My main goal in participating was to learn more about how to implement gamification and game-based learning in the classroom, and also to help students overcome failure. GOBLIN has delivered and then some. I have lots of ideas, and hope you’ll chime in with more in the comments.
The first step will be to gamify SPAN 3853: Introduction to Hispanic Literature and Culture class. I would like to take elements from team-based learning and ARGs to increase student engagement, collaboration, and autonomy.
The idea would be to have permanent teams for the semester, assigned using a CATME survey. The course will be a semester-long quest. Since it’s a lit course, I am thinking of framing it as a literary treasure hunt. So maybe students would get a secret message from Jorge Luis Borges, the world’s most famous librarian, asking for their help. (Reading his short story, “The Library of Babel” might be a first step.)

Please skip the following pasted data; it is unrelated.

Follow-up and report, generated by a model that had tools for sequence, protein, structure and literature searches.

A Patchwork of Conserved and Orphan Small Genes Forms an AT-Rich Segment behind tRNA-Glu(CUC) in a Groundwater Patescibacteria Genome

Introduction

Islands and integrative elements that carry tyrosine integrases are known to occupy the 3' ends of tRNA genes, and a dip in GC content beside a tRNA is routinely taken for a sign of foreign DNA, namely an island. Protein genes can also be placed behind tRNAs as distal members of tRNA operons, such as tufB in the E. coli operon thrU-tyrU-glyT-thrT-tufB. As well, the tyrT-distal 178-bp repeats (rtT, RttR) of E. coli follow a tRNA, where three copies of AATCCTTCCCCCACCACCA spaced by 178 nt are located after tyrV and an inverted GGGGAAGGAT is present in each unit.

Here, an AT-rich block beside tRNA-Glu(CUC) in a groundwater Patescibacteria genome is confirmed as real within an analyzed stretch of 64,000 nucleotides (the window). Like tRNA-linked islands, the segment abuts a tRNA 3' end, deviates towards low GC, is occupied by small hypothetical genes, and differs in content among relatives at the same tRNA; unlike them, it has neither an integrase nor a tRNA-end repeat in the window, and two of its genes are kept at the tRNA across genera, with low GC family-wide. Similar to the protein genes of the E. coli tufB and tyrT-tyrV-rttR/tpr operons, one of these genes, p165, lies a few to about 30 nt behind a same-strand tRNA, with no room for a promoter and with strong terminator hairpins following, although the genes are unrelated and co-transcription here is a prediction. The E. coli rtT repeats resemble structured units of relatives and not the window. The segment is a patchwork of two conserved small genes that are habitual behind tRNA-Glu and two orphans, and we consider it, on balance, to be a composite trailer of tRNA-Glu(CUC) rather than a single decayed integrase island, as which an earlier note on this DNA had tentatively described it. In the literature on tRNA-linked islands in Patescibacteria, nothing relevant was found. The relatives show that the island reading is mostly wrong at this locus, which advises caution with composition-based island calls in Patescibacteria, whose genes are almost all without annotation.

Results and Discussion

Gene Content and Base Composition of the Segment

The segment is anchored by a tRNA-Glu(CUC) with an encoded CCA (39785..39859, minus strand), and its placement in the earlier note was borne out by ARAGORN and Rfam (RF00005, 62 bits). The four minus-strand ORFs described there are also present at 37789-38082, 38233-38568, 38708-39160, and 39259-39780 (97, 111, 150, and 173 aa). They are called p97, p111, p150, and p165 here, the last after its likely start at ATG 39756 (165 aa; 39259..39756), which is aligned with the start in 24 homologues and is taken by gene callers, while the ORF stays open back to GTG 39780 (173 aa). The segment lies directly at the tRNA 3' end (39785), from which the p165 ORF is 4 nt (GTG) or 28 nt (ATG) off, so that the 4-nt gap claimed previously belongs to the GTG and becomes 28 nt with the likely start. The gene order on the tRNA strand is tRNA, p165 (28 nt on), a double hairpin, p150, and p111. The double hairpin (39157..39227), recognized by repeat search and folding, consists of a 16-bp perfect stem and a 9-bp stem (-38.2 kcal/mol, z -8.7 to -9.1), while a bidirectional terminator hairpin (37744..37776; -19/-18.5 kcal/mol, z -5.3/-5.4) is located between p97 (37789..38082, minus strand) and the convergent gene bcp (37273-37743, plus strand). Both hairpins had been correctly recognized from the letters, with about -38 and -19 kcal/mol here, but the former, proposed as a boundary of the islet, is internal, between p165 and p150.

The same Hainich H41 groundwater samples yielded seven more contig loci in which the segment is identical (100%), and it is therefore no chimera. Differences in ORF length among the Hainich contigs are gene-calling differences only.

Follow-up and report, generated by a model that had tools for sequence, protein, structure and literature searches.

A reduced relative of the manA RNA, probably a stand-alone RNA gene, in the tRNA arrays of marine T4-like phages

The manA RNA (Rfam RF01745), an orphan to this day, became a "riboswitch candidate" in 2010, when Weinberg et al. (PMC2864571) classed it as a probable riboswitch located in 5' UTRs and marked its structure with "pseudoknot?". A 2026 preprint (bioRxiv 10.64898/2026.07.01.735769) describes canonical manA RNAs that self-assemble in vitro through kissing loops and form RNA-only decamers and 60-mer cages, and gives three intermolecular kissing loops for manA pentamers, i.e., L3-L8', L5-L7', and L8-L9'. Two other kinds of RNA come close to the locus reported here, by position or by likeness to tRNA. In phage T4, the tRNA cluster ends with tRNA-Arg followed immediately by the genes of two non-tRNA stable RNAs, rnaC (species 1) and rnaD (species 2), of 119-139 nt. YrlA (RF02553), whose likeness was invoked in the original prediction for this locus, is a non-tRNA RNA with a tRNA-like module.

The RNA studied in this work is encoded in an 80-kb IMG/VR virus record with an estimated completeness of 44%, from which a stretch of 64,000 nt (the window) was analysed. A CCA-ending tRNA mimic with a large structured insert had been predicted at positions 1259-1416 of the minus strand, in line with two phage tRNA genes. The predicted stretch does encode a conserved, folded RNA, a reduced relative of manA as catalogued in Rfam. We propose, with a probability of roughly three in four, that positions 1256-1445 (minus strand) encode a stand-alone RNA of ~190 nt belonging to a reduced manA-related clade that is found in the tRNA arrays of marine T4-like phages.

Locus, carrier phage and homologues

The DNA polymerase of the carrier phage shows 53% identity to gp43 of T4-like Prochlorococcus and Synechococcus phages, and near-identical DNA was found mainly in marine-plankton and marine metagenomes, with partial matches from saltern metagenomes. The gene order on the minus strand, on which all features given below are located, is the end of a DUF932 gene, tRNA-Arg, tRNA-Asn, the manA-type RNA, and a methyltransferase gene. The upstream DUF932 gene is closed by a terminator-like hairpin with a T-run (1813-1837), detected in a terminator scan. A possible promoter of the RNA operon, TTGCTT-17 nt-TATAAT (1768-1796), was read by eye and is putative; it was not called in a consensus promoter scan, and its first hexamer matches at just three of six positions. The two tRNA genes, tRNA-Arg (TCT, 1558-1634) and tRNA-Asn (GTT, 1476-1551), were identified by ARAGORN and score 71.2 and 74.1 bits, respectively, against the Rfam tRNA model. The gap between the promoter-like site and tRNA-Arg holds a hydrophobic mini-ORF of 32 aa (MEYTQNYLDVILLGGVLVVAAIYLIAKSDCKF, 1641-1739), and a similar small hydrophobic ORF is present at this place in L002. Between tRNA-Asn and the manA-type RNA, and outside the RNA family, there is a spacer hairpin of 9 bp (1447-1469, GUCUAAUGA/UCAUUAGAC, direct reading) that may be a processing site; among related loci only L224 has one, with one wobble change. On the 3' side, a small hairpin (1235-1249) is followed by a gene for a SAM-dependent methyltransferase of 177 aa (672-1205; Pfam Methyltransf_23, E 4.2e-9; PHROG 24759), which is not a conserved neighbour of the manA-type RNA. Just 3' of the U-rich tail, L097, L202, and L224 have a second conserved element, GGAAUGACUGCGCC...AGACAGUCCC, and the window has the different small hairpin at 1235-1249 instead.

Clues might be hidden in books in the library or in the course readings online. I’m hoping to get the librarians on board, and I imagine that won’t be hard. They’ve already developed an awesome location-based app for the Galileo’s World exhibit here at OU.
I am also thinking of borrowing the idea of “deals” from Reality Ends Here. Each student would get a deck of cards with different elements (a task like a video adaptation of a text, a Twine game based on a reading, or a radio drama adaptation of a reading; and different elements like the readings themselves or characters, authors and props) that are worth different numbers of points.
The groups would have to decide which elements to combine and how many projects to complete to maximize their points. At USC weekly winners get prizes like lunch with a famous movie maker. I’m not sure I can offer anything like that, but maybe I can come up with other fun rewards, or link the points to the final grade.
Any ideas for improving this initial framework?